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Service of Remembrance and Lament remembers enslaved Africans brought to Old Point Comfort 400 years ago

As part of its bold pledge to A.C.T. Now! (Awaken, Confront, Transform) to End Racism, the National Council of Churches (NCC) and representatives of its 38 member communions gathered at Old Point Comfort near Hampton, Virginia to remember the “20 and odd” enslaved Africans brought there over 400 years ago.  More than 250 leaders came to lament and remember the enslaved Africans brought to this place 400 years ago, marking the beginning of institutionalized slavery in what would become the United States of America. 

“With the cries of our enslaved ancestors, ringing in our ears, we are called to this place, which has been made sacred by their blood and their tears,” said Bishop W. Darin Moore, Chair of the NCC board, as he opened the ceremony. “We are called to lament; we are called to repent. We are called to restore justice; we are called to worship.”

Many of us here have benefited greatly from the terrible events that transpired right here 400 years ago. We have much work to do to end racism in this country, but we’re dedicated to it.”

Jim Winkler, President and General Secretary

The site of Old Point Comfort came to prominence this year as the nation marked 400 years since enslaved Africans, first captured by Portuguese and Imbangala forces from the kingdom of Ndongo, in West Central Africa, arrived aboard the White Lion in 1619 after being taken from a Spanish slave ship.  Colonial officials traded these persons for food, valuing white lives above black lives, beginning the horrific legacy of race-based bondage that has defined the American experience ever since.

“It is the motivation that inspires us to a duty to be here at this site where no fewer than 20 African men and women were introduced to North America as slaves four centuries ago,” remarked Bishop Adam J. Richardson, Senior Bishop in the African Methodist Episcopal (AME) Church. “It is the reason we aspire to God’s perfect preferred future in which racism doesn’t have one.”

The National Council of Churches came together to lament and remember, to acknowledge the unique role white churches played in slavery, but also to recognize the Black Church’s formation out of the suffering of slavery and to strategize about what churches can do now to end racism. 

NCC General Secretary and President Jim Winkler said, “We’ve trod a long and bitter road. We know the road ahead will have bumps and detours, but we have to stay on it because at the end of that journey is God’s preferred future. Many of us here have benefited greatly from the terrible events that transpired right here 400 years ago.” Winkler proclaimed, “We have much work to do to end racism in this country, but we’re dedicated to it.”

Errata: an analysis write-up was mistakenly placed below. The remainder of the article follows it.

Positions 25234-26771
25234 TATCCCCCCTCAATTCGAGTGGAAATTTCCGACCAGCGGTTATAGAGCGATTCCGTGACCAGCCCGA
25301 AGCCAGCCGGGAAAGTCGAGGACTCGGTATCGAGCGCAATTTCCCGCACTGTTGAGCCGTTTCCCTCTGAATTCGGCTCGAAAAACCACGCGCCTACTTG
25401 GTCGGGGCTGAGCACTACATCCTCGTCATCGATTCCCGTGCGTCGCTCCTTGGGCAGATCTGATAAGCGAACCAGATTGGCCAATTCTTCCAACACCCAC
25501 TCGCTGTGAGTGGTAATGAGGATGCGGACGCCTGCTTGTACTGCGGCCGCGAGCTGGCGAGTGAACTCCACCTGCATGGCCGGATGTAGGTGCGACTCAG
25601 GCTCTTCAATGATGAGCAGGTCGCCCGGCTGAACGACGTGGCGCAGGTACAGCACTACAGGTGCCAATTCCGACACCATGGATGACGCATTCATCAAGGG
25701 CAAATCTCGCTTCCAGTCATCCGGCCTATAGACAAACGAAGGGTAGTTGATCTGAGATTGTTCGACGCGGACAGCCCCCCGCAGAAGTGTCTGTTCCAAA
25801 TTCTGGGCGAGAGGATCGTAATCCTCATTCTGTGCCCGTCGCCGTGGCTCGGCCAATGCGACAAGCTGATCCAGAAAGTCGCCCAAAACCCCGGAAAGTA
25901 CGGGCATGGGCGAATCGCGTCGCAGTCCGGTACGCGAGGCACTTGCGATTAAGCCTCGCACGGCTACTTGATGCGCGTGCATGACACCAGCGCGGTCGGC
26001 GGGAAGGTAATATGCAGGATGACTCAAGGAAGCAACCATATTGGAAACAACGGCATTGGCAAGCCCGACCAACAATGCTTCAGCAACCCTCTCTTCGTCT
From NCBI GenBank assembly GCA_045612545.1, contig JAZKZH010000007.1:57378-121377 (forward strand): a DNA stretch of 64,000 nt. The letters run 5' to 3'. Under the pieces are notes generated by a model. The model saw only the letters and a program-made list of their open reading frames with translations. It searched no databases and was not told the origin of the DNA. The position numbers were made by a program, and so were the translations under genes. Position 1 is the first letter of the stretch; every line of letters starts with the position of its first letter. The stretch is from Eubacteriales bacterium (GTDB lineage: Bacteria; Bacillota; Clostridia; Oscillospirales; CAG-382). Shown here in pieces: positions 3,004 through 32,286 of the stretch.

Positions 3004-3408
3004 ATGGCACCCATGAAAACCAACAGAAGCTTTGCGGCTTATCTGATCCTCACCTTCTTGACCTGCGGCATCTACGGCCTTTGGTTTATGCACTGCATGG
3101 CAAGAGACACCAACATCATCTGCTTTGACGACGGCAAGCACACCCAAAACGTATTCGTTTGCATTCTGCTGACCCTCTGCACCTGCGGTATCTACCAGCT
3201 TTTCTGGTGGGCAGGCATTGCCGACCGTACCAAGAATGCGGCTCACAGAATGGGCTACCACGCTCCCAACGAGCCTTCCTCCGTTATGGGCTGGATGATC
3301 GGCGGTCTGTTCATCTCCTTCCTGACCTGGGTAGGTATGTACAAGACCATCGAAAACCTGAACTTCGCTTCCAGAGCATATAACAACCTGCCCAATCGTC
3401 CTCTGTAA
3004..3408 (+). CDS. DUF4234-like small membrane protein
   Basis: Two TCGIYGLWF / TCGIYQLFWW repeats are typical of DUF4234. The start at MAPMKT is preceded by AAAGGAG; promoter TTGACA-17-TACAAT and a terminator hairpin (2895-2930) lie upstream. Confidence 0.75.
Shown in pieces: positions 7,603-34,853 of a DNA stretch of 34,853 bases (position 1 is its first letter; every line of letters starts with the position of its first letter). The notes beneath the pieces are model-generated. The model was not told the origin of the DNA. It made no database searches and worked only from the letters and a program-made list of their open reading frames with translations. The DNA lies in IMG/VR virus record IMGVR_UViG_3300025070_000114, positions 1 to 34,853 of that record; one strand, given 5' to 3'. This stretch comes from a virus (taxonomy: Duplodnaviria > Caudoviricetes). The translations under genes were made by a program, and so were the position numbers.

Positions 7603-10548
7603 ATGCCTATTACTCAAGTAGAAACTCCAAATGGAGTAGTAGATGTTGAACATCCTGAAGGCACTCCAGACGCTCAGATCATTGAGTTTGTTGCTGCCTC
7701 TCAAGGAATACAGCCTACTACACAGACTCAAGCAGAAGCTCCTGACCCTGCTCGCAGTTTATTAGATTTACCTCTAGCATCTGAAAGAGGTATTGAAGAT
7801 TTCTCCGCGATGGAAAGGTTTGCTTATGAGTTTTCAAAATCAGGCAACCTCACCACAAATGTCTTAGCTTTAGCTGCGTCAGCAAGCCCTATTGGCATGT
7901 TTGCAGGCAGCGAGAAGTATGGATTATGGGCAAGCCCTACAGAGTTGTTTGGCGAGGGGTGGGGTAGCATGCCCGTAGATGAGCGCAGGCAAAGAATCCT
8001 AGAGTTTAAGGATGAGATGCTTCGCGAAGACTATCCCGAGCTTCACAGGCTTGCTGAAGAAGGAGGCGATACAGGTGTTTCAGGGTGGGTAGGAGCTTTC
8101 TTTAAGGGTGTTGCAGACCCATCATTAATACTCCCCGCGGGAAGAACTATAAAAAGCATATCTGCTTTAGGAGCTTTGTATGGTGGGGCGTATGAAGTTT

“Racism insinuated itself into the very core of modernity, but we are here to say, human beings are not for sale,” remarked Dr. Agnes Aboum, Moderator of the World Council of Churches. “As a church, as self-proclaimed Christians, we must seek repentance for our complicity.  God’s preferred future is one that reminds us that we are all made, as humankind, in the image of God.”

Dr. Melanie Hill brings music to the Service of Remembrance. Photo: Tammy Wiens

The gathered crowd processed along the shores that first saw the first enslaved Africans’ arrival. They stopped to reflect upon the “20 and odd” with prayers, placing gladiolus flowers symbolizing remembrance at the site’s historical marker, and pouring libations in their memory.  

The procession gathered at one of the ancient trees at the site and placed Black-eyed Susan flowers as a call for justice.

This powerful witness of Christian repentance and solidarity began a day that included the acclaimed author and speaker Ibram X. Kendi, writer of “How to be an Antiracist,” and culminated in a service of commitment. More than 250 national and international Christian leaders came together on this special “Day of Remembrance,” part of the NCC’s strategic focus on ending racism. The goal of the initiative is for churches to A.C.T. Now! To End Racism: Awaken to the many manifestations of white supremacy and racism especially in the church, to Confront the need for change, and to work to Transform church and society into a reflection of the inclusive and equitable reign of God.